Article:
Horizon Iron Man Kit Conversion

Last Updated: February 24, 2010 ...

  • New - completed with all photos and text


My goal was to convert the 1989 Horizon Iron Man kit to a Silver Age (1960's - 1970's) version. The original kit was of the Bob Layton's version of Iron Man, as first seen in Iron Man issue #233 (1988). I show the cover to Iron Man # 214 below, which has a nice full-body view of that version of armor. My conversion is mainly based on Iron Man per Tales of Suspense (TOS) #59 (artist Don Heck), but with some elements as per TOS #95 (artist Gene Colan).

Original Kit

The photo below shows the original kit, trimmed and assembled. I numbered each of the conversion or modification points to better illustrate the "task at hand" .

Kit - assembled and "snapped together"

Conversion list:

  1. Forehead - red area ends in a "point"
  2. Ears - grind-away "square" ones, and make round ones
  3. Form bottom of helmet to be "continuous shell"
  4. Round-off squared-off lines from shoulder to shoulder on front and back
  5. Collar - remove hexagon one and replace with round one
  6. Add rings around shoulder
  7. Upper Torso - make all red (remove seams which show red-yellow division)
  8. Add outlet plug on each breast plate
  9. Arms - remove shoulder pads
  10. Gloves - create cuffs; make forearms "correct shape" and striped
  11. Grind-off odd-shaped piece on shorts; Put stripes in shorts
  12. Add raised belt buckle to top of shorts
  13. Add storage pods at each hip
  14. Boots - create cuffs; make calves "correct shape" and striped


I used five materials to help me with this project ...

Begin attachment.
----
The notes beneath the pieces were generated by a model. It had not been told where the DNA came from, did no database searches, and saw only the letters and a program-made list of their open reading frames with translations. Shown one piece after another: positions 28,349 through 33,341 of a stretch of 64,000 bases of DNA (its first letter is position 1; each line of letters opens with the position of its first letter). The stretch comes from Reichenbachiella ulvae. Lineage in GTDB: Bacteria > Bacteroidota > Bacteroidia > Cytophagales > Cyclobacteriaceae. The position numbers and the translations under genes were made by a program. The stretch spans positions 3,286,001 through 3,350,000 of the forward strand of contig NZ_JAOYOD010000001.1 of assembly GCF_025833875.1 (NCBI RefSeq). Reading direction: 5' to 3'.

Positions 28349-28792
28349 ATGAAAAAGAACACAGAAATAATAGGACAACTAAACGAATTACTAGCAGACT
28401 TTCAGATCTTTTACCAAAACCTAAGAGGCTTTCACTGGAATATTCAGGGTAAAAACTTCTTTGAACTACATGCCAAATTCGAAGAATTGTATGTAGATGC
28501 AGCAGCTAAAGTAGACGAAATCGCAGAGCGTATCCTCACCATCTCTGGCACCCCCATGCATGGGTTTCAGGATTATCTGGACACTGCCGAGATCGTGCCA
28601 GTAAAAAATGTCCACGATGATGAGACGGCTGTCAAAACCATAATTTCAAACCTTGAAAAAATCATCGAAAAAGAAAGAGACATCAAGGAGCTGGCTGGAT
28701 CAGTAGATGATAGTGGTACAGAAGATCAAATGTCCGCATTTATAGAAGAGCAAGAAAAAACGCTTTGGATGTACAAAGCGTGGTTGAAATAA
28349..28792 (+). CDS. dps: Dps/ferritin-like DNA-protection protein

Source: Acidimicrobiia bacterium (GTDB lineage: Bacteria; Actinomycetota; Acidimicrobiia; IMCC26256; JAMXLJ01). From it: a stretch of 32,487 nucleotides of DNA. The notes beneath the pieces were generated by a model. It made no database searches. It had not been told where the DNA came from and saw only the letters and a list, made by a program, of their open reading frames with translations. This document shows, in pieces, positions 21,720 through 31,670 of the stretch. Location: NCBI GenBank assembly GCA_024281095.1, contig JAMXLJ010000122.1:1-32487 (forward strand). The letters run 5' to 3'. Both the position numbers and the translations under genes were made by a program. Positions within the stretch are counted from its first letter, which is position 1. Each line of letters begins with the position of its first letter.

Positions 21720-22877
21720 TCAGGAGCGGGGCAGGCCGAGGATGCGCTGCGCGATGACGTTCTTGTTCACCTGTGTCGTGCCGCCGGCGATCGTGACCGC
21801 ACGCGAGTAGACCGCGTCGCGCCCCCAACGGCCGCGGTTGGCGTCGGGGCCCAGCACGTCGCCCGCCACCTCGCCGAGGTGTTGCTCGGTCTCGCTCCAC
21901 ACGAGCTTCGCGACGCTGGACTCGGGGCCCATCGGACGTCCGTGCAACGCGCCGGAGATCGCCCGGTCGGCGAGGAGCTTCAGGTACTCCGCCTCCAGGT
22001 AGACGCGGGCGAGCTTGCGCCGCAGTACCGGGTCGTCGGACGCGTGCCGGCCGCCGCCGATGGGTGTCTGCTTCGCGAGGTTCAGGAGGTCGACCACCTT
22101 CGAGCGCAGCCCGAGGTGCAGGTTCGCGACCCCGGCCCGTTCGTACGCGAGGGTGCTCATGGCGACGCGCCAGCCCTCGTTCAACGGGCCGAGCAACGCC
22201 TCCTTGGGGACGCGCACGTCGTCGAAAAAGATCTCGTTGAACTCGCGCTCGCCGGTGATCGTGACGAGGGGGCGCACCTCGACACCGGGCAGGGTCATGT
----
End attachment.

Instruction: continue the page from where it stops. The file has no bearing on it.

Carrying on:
• Bondo Glazing and Spot Putty (reddish-brown in photos)
  • ProCreate Epoxy Putty (used as a sculpting putty)
  • Styrene Strips 1/8" x 1/8" (thanks to Tom Sosenko for giving me these)
  • Styrene tubing in 3/8" and 1/2" diameters(thanks to Tom Sosenko for giving me these)
  • Thin Super-Glue (used as a glaze over Bondo Putty)

I used these specific tools which would not normally be used to build a vinyl kit ...

  • Engraving tool (thanks to Tom Sosenko for loaning me this)
  • Dremel Tool with 7/32" diameter wheel point
  • Hot Glue Gun

Head Conversions

The head with modifications #1 through 3.

  • I had to grind -away the trapezoid-shaped piece at the forehead to a "point", and carefully puttied to smooth the area around the point.
  • For the ears, I used a 3/8" diameter Styrene tube as a "cookie cutter" on a layer of putty before it had a chance to harden. I shaped them, and then glazed them with "thin" (water-like) super-glue to keep them from flaking or breaking in half during handling.
  • The bottom of the original helmet had cut-away areas under each ear. I filled them, and puttied along the entire side and rear of the helmet to make the helmet a "one-piece" shell ... in the comics, they don't call Iron Man 'Old Shell-head' for no reason . The white putty is Squadron white putty. I ran-out so I started using the Bondo putty (for the first time) per recommendations I read in model-building forums I found on the web.

Upper Torso Conversions

Upper torso with modifications #4 through 8. Shoulder Rings made from styrene strips.

  • You can't tell from the photo but the squared-off edge from shoulder to shoulder, has been ground-off so the shoulders are "more rounded".
  • I ground-off the hexagon collar, and used ProCreate epoxy putty to form a circular collar, but still with a square cross section.
  • For the shoulder rings, I put styrene strips into a cup of boiling water and curled them into the general shape I needed. Then while still very warm, I quickly checked how each one fit and shaped it as best I could before it cooled. I had to repeat this process a few times until I got them right. The right-hand photo above shows one ring not yet completed, and one ring fitted and the ends glued together.
  • The seams that defines the red and the gold areas of the upper torso were covered with Bondo putty and sanded smooth. Note that I was tempted to fill in the stomach area to remove the six-pack look, since in the early issues of TOS, the armor was straight-down like a shell. But later as per TOS #95, Gene Colan drew the armor as showing the defined six-pack stomach, so I went with that